Philander Chase



Download Full Text (10.1 MB)


Philander writes to Dudley about the death of his son, Philander Chase Jr and his movements around England recently.




Cambridge, England


England voyage, Philander Chase Jr., Appeal, Lord Gambier, Henry Clay, Bp. Hobart, Reverend Wheaton, Lord Kenyon


Cambridge England

May 28 1824.

Dear Brother Dudley:

Your kind letter of ⅔ of March last was duly rec’d? I thank you Dr. Brother for your loving kindness in sympathizing with me on the death of Dr. Philander. For him I do not mourn sure I am, he’s gone to Paradise and would not, could he, come into this troublesome world again if you would make him master of all its wealth & partaker of all its joys. I can not & do not I mourn for my son: but I mourn for myself. — I see and feel that I was quite unworthy of such a son—and God has taken him justly from me. I am now quite alone in the ministry compared with the comfort Philander’s company gave me. — But I do not say this by way of complaining at this dispensation heavy as it is. I know that God has done right in [thus] of [flirting]. I feel the sad whish strikes me and I believe it was intended. I should feel it, for I can not help it.— All my former sorrows never draw so many tears from eyes. At this moment in thinking of my meek, darling son Philander they flow as in a stream; but they are not tears of complaint. I submit, and praise God in the unshaken faith that this as well as all other dispensations of Divine Providence shall work together for my good.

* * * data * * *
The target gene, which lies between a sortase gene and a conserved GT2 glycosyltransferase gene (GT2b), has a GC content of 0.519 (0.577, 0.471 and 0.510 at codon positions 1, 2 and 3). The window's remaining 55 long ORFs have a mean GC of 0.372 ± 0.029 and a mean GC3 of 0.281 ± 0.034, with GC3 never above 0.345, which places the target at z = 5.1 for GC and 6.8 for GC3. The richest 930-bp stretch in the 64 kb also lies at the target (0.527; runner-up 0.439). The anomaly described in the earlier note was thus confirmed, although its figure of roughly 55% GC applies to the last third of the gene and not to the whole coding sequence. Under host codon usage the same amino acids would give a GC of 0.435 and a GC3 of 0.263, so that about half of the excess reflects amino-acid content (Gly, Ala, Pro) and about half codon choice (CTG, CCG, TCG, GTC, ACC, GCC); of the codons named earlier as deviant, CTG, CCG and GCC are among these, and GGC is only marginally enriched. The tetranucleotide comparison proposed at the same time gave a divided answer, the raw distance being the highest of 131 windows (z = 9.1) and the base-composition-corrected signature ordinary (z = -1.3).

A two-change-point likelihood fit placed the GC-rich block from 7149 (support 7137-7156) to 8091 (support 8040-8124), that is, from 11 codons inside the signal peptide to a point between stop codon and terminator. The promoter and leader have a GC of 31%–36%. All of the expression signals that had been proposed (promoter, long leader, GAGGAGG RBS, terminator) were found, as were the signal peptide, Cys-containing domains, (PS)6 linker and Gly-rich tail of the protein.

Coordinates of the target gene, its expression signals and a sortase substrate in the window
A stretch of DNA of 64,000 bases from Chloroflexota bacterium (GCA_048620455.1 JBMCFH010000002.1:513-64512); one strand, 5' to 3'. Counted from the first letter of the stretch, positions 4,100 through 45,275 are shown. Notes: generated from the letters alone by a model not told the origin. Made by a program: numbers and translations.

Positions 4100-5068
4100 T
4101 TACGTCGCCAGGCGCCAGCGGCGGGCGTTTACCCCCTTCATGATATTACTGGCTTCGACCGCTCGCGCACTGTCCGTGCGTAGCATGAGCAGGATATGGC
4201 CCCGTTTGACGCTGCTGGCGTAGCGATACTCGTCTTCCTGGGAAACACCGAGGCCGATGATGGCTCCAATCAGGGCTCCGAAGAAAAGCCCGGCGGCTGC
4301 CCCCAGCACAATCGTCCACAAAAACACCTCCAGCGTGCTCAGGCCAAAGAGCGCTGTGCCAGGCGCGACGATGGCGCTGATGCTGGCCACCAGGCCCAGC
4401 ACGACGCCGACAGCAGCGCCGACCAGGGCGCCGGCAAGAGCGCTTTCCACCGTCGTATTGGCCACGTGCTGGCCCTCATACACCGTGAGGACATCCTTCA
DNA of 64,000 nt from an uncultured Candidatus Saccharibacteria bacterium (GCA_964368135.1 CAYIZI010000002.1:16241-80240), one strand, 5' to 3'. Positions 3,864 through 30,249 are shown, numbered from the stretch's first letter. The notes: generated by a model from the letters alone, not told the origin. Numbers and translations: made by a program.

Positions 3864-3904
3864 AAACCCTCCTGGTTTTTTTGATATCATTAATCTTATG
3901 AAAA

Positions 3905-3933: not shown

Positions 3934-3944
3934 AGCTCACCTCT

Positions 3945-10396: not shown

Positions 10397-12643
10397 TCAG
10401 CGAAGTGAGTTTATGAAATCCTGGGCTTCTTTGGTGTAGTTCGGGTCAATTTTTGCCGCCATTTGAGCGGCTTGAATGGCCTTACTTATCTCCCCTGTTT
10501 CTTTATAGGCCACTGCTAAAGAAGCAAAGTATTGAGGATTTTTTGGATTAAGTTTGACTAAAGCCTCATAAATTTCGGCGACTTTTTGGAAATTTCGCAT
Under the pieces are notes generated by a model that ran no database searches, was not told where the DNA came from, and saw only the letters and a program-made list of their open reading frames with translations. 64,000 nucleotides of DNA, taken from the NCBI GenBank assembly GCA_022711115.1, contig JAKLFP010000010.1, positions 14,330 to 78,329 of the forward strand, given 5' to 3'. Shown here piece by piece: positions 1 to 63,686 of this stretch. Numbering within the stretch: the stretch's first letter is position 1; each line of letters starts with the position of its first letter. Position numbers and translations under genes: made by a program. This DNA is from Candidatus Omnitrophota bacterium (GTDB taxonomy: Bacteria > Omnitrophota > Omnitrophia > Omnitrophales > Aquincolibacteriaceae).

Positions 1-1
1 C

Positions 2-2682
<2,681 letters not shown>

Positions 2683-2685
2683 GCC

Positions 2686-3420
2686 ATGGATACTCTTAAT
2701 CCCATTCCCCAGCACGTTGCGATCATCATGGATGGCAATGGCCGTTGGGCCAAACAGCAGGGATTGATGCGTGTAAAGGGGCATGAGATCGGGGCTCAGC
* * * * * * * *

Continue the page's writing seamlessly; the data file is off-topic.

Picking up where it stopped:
You doubtless have seen an appeal in behalf of the Diocese of Ohio, compiled and published by the friends of Lord Gambier to whom Mr. Clay had introduced me by letter. This appeal I think was (in main part) published in the Christian observer which has a great circulation in Am’a [America].

You may also have seen the Cincinnati Protest of Bishop Hobart’s conduct & Mr [Onderdonk's] answer to the same. Adhering to my firm resolution at first taken I have not and intend not to publish a word of controversy in Eng’d [England] Ifthis forbearance makes my adversaries more bold I can not help it. I came in peace to Eng’d and Thence in peace I shall return. I have but one life to live and that, in the part remaining, a very short one. It must not be [?] with the bitterness too commonly cherished if not engendered by controversy. I forgive all my enemies and most devoutly pray God to forgive and bless them. Mr [Onderdonk’s] pamphlet has done much injury to the cause which I espouse Bishop Hobart had withdrawn all opposition--Put forth a subscription in conjunction with Mr Wheaton (Bishop Browack; agent) and gone to Rome. These things were thought quite tranquil: till Mr [Onderdonk’s] pamphlet came and stirred up the public mind.

The [included] is a statement made by my Trustees to [obviate] the difficulty so far as it can be obviated without a controversy. What I wonder at is that such excellent men should then come forward to support me and the name of Ohio with such disinterestedness. ‘Tis acknowledged by all that the British empire does not produce persons of more real worth and confidence than those who have signed this paper. Thus publicly as a committee and trustees to advocate a cause and stand up against all opposition is not usual with the nobility--This renders the favour of greater value. I pray God to reward them. I am not [cortley] of such mercies. In the whole of this business God has wrought his purposes with the [smallest] means. The glory therefore is the more conspicuously his I know not when I shall return to America. I shall go into the South of England. Thence unto [Wales] with Lord Kenyon and thence into Ireland. This may convince the most of the sum [nuls]. George I learn has been to Kingston and may have been told all the news there. Tell you, Dear Wife Olivia I hope to see her acquainted with my present wife I know she will love her.

Your loving Brother,

Philander Chase

Letter to Dudley Chase



Rights Statement

No Copyright - United States